Dr. Larry Bramlage, one of the most respected equine veterinarians in America, has read the stories and studied the veterinary reports and has come to the same conclusion most people in racing have — this is much ado about nothing.

“I would guess that with every horses over the last 34 years that won the first two legs of the Triple Crown they were x-rayed after the Preakness,” Bramlage said. “That’s routine care. Further, I bet Michael Phelps got done over with a fine-toothed comb after he qualified for the Olympics in the trials. Probably you have to put air coolers on those MRI machines down at the Olympic training center because they’re looking for any little, bump, bruise, anything they need to be aware of when those athletes are training.”

On the fact that I’ll Have Another had osteoarthritis, Bramlage said: “He had only run four days before they took the x-ray and won the second leg of the Triple Crown, so how can they allege he had been having serious problems all along? They must not have been too serious. How unusual is it to have this problem? It’s not unusual at all. Dr. [Jim] Hunt [who treated I’ll Have Another] said it was a small localized place. Osteoarthritis is a very general term.”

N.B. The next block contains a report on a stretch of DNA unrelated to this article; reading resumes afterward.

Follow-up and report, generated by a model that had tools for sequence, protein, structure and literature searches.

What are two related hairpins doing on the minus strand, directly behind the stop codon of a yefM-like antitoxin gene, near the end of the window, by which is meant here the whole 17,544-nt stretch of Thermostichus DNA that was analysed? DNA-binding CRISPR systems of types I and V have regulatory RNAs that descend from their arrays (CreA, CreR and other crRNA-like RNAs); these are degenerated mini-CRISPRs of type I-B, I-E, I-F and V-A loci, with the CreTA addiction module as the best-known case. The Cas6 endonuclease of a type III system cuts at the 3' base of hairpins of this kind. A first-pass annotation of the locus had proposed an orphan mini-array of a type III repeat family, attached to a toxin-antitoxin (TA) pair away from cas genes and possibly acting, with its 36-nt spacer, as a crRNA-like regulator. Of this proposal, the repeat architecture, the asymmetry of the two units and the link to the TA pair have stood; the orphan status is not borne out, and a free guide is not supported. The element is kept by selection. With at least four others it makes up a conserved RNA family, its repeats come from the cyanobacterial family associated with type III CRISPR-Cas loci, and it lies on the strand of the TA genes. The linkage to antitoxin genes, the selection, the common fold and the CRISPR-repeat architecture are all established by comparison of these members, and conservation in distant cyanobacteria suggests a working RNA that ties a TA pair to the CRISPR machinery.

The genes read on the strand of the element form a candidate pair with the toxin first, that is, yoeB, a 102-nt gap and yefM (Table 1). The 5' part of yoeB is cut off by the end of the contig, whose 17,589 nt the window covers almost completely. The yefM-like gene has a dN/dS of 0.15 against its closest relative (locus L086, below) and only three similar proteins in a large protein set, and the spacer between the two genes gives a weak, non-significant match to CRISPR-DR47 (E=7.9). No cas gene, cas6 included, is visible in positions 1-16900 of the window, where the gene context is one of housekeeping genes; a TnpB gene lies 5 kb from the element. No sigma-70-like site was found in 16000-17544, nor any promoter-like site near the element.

The story of I’ll Have Another sounds a lot like Shaquille O’Neil’s battle with arthritis in a toe. Then with the Lakers, he played through the injury thanks in part to a painkiller called Indocin. When it became more than he could bear, he underwent surgery and missed the beginning of the 2002-2003 season. No harm, no foul.

If some are to be believed, the backstretches of America’s racetrack are shadowy, nefarious places where outlaw trainers and vets run amok. There very may well be available illegal concoctions that O’Neill could have used that would have had I’ll Another feeling no pain by Belmont Day, but those sorts of drugs never entered into the picture. Everything given to the horse to deal with his ailment was legal.